…until somebody gets shot.

So, be careful with each other. Don’t make each other out to be exactly the same, but don’t make each other out as radically different, either. Maybe as equivalent, “of equal value.” And the best way to understand others is to ask them, and to listen.

Maybe over some good food.
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The Second Person

Once upon a time, a long, long time ago, the English language had 3 ways of saying you: “þū” (pronounced like ‘thoo’) for one of you, “ġit” (pronounced like ‘jit’) for two of you, and ġē” (pronounced like ‘jee’) for several of you. That is Old English. Thou6In Middle English, the second person pronoun was simplified to “thou” and “ye.” Today, in modern English, we only have “you.” Of course, there are regional exceptions, such as the “y’all” of the South, the northern “you guys,” “you-uns,” which is spread across the Ohio River Valley and parts of old Appalachia, its derivative “yinz,” which is a defining characteristic of Pittsburghese, and “yous,” Digression226 which persists in English speaking pockets from New Jersey, Boston, and Philly, all the way to Ireland, South Africa, Australia, and New Zealand.

It is not uncommon for languages to slur and simplify. However, in English, there are important social factors and meanings to this change. How I speak to a second person is also a strong indication of how we interact. As Middle English developed a court Thoulanguage for the gentry, it adopted what is called the T/V distinction. In several European languages, the plural 2nd person becomes an honorific, a formal address of respect to superiors. examples include the tu/vous in French, the du/sie in German, and tú/usted in Spanish. By contrast the singular denoted either a lower class, or a sense of intimacy. The farmer would address his lord as “you” and his child as “thou.” The Lord would address other nobility as “you,” but address both the farmer and his child as “thou.”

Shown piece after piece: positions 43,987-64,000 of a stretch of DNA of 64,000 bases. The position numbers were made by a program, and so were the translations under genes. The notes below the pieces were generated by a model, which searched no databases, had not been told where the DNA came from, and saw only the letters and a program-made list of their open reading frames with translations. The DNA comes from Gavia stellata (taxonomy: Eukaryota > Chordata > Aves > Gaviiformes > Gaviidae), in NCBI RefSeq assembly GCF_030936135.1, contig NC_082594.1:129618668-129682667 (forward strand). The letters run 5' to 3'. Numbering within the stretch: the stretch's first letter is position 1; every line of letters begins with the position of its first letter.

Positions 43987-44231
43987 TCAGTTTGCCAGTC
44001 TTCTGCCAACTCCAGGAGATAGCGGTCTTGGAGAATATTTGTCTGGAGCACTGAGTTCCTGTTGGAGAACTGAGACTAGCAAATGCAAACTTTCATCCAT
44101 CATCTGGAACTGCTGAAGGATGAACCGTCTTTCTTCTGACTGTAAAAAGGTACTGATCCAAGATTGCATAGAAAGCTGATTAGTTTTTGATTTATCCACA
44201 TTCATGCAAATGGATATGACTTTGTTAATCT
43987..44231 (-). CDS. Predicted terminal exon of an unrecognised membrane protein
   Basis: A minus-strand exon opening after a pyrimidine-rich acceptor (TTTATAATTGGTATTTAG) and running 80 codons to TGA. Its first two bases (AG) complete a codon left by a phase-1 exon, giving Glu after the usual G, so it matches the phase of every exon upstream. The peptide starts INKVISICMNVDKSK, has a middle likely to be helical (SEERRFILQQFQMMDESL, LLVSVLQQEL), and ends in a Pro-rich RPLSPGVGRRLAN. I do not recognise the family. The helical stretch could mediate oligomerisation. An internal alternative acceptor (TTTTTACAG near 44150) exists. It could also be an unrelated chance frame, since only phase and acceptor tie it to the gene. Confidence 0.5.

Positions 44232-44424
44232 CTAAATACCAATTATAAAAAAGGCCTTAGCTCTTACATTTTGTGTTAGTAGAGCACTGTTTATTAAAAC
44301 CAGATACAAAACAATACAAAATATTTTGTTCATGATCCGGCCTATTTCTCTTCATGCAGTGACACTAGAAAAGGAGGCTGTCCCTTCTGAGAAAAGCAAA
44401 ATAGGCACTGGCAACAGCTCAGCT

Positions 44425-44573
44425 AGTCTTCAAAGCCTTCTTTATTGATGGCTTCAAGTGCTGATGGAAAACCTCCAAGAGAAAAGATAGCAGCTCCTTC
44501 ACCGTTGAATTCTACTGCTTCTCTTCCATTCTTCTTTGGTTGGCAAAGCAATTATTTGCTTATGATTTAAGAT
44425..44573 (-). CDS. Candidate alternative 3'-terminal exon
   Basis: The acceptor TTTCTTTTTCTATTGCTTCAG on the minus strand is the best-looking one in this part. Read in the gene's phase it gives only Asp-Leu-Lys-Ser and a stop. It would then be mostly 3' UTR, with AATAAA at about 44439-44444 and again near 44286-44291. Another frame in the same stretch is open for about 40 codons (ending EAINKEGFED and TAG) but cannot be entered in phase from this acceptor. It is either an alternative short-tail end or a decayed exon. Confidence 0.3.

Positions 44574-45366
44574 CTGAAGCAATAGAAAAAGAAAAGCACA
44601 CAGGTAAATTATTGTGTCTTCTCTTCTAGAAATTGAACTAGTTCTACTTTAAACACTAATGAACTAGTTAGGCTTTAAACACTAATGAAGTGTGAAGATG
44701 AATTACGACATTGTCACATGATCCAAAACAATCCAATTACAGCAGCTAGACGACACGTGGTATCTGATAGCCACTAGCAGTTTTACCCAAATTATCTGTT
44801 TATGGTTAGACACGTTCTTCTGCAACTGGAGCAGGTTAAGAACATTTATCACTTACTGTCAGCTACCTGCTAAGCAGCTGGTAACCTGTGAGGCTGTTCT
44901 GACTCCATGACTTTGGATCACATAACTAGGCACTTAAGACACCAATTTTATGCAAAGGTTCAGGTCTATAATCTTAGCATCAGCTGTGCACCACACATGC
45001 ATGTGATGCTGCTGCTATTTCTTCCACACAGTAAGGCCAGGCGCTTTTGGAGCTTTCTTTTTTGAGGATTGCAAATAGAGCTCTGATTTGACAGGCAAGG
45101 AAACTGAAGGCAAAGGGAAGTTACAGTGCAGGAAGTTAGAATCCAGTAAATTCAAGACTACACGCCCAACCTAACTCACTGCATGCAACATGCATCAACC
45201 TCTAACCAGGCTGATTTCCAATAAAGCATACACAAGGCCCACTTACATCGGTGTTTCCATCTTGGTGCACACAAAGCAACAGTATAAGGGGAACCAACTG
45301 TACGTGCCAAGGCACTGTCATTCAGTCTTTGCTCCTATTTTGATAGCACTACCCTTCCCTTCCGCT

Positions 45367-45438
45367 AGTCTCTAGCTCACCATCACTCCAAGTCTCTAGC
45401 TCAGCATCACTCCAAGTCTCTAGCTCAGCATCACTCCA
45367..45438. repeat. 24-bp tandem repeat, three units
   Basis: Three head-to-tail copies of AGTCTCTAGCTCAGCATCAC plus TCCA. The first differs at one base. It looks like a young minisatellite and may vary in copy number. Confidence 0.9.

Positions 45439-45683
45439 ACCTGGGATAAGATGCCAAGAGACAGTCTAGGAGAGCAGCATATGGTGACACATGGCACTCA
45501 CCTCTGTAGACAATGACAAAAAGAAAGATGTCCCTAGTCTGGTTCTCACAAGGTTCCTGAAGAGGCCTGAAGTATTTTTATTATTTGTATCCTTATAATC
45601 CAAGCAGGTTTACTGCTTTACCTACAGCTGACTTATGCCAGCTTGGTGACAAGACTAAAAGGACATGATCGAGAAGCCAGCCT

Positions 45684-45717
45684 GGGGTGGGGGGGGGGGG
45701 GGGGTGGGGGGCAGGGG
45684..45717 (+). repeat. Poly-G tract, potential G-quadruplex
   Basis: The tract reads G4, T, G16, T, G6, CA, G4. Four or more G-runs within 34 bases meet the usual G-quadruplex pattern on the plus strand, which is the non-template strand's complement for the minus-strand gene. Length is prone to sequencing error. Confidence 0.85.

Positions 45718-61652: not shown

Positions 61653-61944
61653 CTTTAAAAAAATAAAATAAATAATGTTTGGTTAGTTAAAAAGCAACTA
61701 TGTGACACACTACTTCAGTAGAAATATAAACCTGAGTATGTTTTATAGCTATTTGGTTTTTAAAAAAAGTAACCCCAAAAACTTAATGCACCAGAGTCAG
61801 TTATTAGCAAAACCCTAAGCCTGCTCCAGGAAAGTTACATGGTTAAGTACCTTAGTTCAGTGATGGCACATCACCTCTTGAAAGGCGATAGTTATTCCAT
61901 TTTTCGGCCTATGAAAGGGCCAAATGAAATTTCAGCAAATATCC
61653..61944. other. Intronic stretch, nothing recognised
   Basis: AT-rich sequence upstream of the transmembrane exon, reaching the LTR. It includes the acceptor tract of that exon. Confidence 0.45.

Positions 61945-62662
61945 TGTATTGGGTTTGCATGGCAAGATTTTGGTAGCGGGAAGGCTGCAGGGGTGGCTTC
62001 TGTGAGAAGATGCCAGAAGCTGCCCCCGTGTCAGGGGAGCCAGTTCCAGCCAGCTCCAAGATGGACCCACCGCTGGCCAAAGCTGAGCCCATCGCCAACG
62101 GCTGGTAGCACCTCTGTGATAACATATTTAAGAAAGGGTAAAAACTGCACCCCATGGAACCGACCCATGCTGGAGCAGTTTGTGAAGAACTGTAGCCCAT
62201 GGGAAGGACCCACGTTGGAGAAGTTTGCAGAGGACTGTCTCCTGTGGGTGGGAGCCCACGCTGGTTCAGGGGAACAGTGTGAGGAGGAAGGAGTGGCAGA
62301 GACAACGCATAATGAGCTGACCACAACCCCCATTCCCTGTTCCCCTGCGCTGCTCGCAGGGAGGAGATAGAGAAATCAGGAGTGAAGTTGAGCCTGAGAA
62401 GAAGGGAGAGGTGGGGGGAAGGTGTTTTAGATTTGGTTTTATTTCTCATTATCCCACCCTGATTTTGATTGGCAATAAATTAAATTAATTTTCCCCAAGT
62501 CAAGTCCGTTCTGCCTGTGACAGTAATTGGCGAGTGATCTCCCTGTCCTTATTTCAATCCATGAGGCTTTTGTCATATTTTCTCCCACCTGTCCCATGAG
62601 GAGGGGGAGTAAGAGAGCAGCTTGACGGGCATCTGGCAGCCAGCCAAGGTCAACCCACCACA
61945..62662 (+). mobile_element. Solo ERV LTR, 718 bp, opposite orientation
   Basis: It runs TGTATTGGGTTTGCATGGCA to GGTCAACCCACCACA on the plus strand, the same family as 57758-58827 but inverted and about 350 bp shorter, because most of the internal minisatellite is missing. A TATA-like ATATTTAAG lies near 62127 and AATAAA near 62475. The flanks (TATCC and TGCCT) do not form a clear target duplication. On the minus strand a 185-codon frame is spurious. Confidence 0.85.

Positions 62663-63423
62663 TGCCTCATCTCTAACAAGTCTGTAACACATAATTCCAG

However, at the same time, the rising middle class began to blur the rigid class Thou2distinctions, and adopted using “you” in all interactions. In part, to show they were not from the lower classes and provincials and in part because the formal was the language of business. One says: “How are you today, sir?” as a courtesy and a sign of respect to any customer walking in the door, but one also expects that courtesy to be returned. Similarly, everybody became “Master” or “Mister,” and “Mistress” or “Mrs.” Digression227

Thou8What was gained by this change to you was an equality of address, but a formal equality. What was lost was the familiarity and intimacy of thou-ing someone. It has its few remnants, but for the most part it sounds archaic. Emily Dickinson’s:
Wild nights – Wild nights! Were I with thee Wild nights should be Our luxury!
          …sounds sweetly archaic, like an ancient ode. It doesn’t sound like wild nights.

The Quakers became known for always using the familial “thou” to demonstrate their belief in universal brotherhood, as well as their unwillingness to Thou4participate in inequality. In a way, it seems odd that the leveling of English chose the genteel formal, instead of the Quaker’s familiarity. Then again, maybe it says something about us that we don’t miss the familiar pronoun. The informal formality of the second person might be an accurate indication of who we are and how we interact. We can be friendly while keeping a distance, casual without being intimate; that is who we have become.

We have acquired the easy manners of the sales person, showing respect and being friendly, but at the same time easily disposing of the conversation and forgetting about it as it passes. We laugh at the second person’s joke in an open, friendly way, all the while thinking of something else. We can get personal without recognizing persons, as well as “nice” and “sweet” without bothering to be genuine.

Of course, we are not slaves to the laws of language, even if we are grounded by them. Like the laws of gravity and inertia, we can defy language occasionally by acts of will and imagination.

We must remember to ask ourselves: Who is this you? Each second person—singular or plural—is their own first person. When we ask “How are you?” we must remember that the you is an I with his or her own concerns. When we say “thank you,” whom are we thanking? When we say “I’ll be with you in a moment,” who is the person thinking “Great. Now I have to wait again?” When we yell “FUCK YOU!!” who is the vulnerable me we are yelling at?